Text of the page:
Independent mental capacity advocates (IMCAs) need more power to challenge social care professionals’ practice concerning people who lack the capacity to make decisions for themselves, a social worker has told the House of Lords.
Elmari Bishop said IMCA services needed to be commissioned independently of local authorities to enable advocates to effectively challenge the decisions of council practitioners, for example where decisions are made to move people into care homes against their wishes.
“I think [IMCAs] are a really valuable resource, but they do not always have enough power to challenge,” she told the House of Lords committee examining the implementation of the Mental Capacity Act 2005 last week.
IMCAs must be appointed to advocate for people facing a change of accommodation or serious medical treatment, when they lack capacity to make these decisions and have no family or friends to speak on their behalf. They must also be appointed by councils to represent people being assessed under the Deprivation of Liberty Safeguards (Dols), where the person has no one else to consult, or to help family members represent their loved-ones.
In some cases social workers have made complaints about IMCAs and the IMCAs have been told to back off.” Social worker Elmari Bishop
‘Social workers have made complaints about critical IMCAs’
“In some cases social workers have made official complaints about IMCAs and the IMCAs have been told to back off,” she said. “There are cases where IMCAs try to challenge, but the social workers just seem to be more powerful.”
Bishop linked this to the fact that councils commissioned IMCA services and that people were often referred to IMCAs by council-employed social workers.
“The IMCAs should be commissioned completely independently and there should be easier ways of accessing them,” she said.
“There are certain points where there should be access where there is none.”
Her call for easier access to IMCAs was echoed by Mark Neary, whose son Steven was unlawfully deprived of his liberty in a care home by Hillingdon Council for nearly a year. Neary said that the IMCA appointed to support them was totally independent and was critical in enabling him to challenge Hillingdon’s decision-making through the Court of Protection. However, he said people needed direct access to IMCAs, without referral from the relevant council, so that they can challenge local authority decision-making under the Dols more quickly.
“Steven was coming up for the fourth renewal of his deprivation of liberty before we got an IMCA. It took from April to November, and the judge said if we had had an IMCA back in April, Steven would have been home within weeks, but there was no access whatever for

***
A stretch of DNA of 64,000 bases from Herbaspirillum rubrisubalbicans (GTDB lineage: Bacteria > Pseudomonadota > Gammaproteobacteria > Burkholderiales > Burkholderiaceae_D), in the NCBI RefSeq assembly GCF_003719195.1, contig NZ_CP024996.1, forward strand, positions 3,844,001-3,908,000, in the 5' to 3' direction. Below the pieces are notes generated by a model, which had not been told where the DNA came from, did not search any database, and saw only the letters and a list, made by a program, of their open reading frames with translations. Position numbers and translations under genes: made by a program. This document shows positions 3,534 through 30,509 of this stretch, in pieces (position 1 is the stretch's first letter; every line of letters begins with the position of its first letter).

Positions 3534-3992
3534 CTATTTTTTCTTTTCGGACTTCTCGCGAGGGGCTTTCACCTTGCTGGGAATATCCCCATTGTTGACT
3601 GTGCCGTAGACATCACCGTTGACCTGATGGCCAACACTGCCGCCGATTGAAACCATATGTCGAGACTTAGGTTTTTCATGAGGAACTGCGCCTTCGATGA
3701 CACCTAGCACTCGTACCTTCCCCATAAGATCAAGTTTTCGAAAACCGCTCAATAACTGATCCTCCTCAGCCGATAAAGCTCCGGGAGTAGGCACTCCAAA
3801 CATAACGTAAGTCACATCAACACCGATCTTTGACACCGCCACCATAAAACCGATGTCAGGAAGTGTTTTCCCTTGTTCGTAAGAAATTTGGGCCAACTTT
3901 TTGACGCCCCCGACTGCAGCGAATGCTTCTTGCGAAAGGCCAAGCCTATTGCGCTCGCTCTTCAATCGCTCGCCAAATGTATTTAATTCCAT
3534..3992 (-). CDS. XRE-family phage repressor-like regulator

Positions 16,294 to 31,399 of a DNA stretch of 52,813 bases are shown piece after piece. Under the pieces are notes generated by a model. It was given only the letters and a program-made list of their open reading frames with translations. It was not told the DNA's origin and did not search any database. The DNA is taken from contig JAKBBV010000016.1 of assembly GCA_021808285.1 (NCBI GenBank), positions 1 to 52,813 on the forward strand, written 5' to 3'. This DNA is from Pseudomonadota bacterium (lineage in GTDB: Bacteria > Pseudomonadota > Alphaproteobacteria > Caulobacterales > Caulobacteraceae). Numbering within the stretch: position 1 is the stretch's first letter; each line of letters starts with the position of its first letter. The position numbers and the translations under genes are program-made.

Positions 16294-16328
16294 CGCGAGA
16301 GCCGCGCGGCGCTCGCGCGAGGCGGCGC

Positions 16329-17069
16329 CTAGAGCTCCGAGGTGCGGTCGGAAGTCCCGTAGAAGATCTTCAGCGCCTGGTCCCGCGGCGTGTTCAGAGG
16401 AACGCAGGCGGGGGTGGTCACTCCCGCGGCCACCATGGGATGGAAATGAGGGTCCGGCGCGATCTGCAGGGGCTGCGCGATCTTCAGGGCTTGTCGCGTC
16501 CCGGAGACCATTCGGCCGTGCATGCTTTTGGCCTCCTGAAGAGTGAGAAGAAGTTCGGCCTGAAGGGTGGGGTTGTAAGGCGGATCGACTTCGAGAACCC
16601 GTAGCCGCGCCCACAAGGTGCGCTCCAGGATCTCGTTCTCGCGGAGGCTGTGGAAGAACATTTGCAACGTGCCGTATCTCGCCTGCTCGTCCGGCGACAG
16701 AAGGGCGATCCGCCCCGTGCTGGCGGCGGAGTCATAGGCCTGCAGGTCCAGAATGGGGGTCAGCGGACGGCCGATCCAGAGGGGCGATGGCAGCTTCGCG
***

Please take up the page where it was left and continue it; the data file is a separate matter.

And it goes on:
me or Steven to approach the advocacy service direct.”
Clear definition of deprivation of liberty needed
Both Bishop and Neary said that the government needed to produce a clear, statutory definition of what constituted a deprivation of liberty, particularly to help hospitals and care homes know when they need to apply to councils for a Dols authorisation.
Currently there is no statutory definition and what constitutes a deprivation of liberty is shaped by case law.
Bishop said that hospitals and care homes received “so many conflicting messages” about what constituted a deprivation of liberty, with case law specifying different criteria for care homes and psychiatric hospitals.
Even among best interests assessors, whose role is to determine whether a person is being deprived of their liberty, “there are so many different ideas of what is and is not a deprivation of liberty”, said Bishop. She said this was leading to people not receiving the protection of the Dols when they should do.
“It should still be left to the best interests assessor to decide in the end whether it is a deprivation of liberty or not, but from the start there needs to be much clearer guidance for the care home manager or the hospital manager,” she added. “They do not get the training in case law that best interests assessors receive, so they need much clearer guidance about when it needs to be requested.”
Lack of legal penalties for breaching MCA
Bishop also warned that councils lacked incentives to comply with the Mental Capacity Act because of the lack of consequent legal sanctions, a point also made by Alex Rook, partner in public law at legal firm Irwin Mitchell.
Rook said the Court of Protection was primarily focused on determining what was in a person’s best interests, and less concerned with what had gone wrong previously with the way they had been treated by public bodies or services. It also normally did not impose costs orders on public bodies found to have breached the Mental Capacity Act in cases involving a person’s welfare.”
The unfortunate consequence of that is that where there is non-compliance, cost orders do not flow from that quite often,” said Rook. “That means that there is an element of getting away with it, rather than a brighter light being shone on that authority, saying, ‘look, that was not right’, and therefore encouraging better practice going forward.”
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